The growing need for strengthening Internal democracy in Political Parties

The growing need for strengthening Internal democracy in Political Parties


The article talks about the growth of strengthening Internal Democracy in Political Parties. Nowadays Inner Party Democracy Plays an important factor in Indian Polity and Governance.


The Election Commission of India (ECI) has rejected the concept of a ‘permanent president’ for a political party stating it to be inherently anti-democratic. This decision comes in the backdrop of Congress holding elections for the post of Party President and Andhra Pradesh’s Chief Minister being declared as President for life by his party. 


  • No legal backing: There is no law that mandates political parties to conduct organizational elections at regular intervals. The ECI has time and again used Section 29A of the Representation of the People Act, 1951(which provides for the registration of political parties with the Election Commission of India) to issue guidelines to remind parties to conduct elections to ensure that there is a renewal of leadership in every five years. But the commission lacks any statutory power to enforce this.
  • The problem of over-centralization in the functioning of political parties: There is a problem of over-centralization with only one or few people holding vast powers leading to a high command culture. The 170th Law Commission Report – recommended introducing a regulatory framework to govern the internal structures, accountability, and inner democracy of parties. It stated that a political party “cannot be a dictatorship internally, and democratic in its functioning outside.”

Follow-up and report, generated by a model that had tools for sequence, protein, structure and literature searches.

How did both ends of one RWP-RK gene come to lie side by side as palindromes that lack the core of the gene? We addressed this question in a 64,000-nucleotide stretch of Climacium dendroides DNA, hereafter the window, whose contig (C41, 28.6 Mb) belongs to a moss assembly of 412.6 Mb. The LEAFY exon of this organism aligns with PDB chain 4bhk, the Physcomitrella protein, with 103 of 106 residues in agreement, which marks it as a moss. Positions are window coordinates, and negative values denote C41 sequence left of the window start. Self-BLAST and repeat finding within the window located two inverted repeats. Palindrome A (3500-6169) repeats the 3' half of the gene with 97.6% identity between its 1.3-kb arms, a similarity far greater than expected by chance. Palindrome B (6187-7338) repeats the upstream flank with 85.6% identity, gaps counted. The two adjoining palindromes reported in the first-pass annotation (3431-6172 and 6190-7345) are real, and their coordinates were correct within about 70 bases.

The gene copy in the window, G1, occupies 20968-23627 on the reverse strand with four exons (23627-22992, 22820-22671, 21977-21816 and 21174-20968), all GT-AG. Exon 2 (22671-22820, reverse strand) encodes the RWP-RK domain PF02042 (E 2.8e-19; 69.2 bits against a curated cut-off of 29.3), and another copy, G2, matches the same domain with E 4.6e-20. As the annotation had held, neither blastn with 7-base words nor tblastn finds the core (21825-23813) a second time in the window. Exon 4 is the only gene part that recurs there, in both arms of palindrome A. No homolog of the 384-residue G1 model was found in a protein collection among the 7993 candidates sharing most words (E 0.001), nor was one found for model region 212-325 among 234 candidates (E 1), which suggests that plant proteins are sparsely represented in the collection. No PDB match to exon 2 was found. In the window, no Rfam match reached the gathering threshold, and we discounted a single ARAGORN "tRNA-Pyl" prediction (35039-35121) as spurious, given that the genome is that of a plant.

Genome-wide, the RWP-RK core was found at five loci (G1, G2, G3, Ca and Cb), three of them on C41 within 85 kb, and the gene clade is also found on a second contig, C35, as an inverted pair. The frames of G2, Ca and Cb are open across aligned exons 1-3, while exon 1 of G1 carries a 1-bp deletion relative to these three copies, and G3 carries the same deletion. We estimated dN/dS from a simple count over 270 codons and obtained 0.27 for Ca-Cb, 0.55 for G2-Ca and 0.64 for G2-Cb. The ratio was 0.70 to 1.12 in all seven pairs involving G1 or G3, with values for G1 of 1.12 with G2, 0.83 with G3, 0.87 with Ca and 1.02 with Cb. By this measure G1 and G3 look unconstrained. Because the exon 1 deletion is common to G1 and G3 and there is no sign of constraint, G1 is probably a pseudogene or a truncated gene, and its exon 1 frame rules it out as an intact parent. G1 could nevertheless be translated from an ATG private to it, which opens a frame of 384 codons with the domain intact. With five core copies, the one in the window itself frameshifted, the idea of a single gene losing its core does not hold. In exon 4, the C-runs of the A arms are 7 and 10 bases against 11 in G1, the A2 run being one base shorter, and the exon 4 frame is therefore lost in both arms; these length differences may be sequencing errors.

• Non-Transparent Procedure of determining leadership: Leadership is decided by consensus and elections even if happen are contested unopposed to declare the de-facto power holder as the Party President 
  • Financing structure: The financing structure is of such a nature that it necessitates centralized control by a single person or small group.
  • Fear that election may lead to party fragmentation: There is a fear that election may trigger disunity and lead to the breaking of the party into smaller groups
  • Norm of dynastic politics: power is held in a close-knit group of a single family. Hence, rising in ranks depends on relationships with the family instead of merit. 


  • Conduct elections for posts of leadership at regular intervals: The most common way to realize inner party democracy is by conducting elections for leadership positions in the party.
  • State funding of political parties: Former Chief Election Commissioner of India S.Y. Quraishi proposed that parties should receive money as per the number of votes they get. 
  • Stringent enforcement by ECI: The ECI should be firm in insisting on organizational elections, and stop condoning delays for not holding elections. Elections, where one is elected unopposed, should not be recognized.
  • NCRWC Recommendations: It recommended that rules and by-laws of the parties seeking registration should include provisions for declaration of adherence to democratic values and norms of the Constitution in their inner party organizations.
  • 2nd ARC on Ethics and Governance stated that over-centralization in the working of political parties leads to corruption and that “the more remotely power is exercised from the people, the greater is the distance between authority and accountability.”


Plutus IAS current affairs eng med 24th Sep 2022

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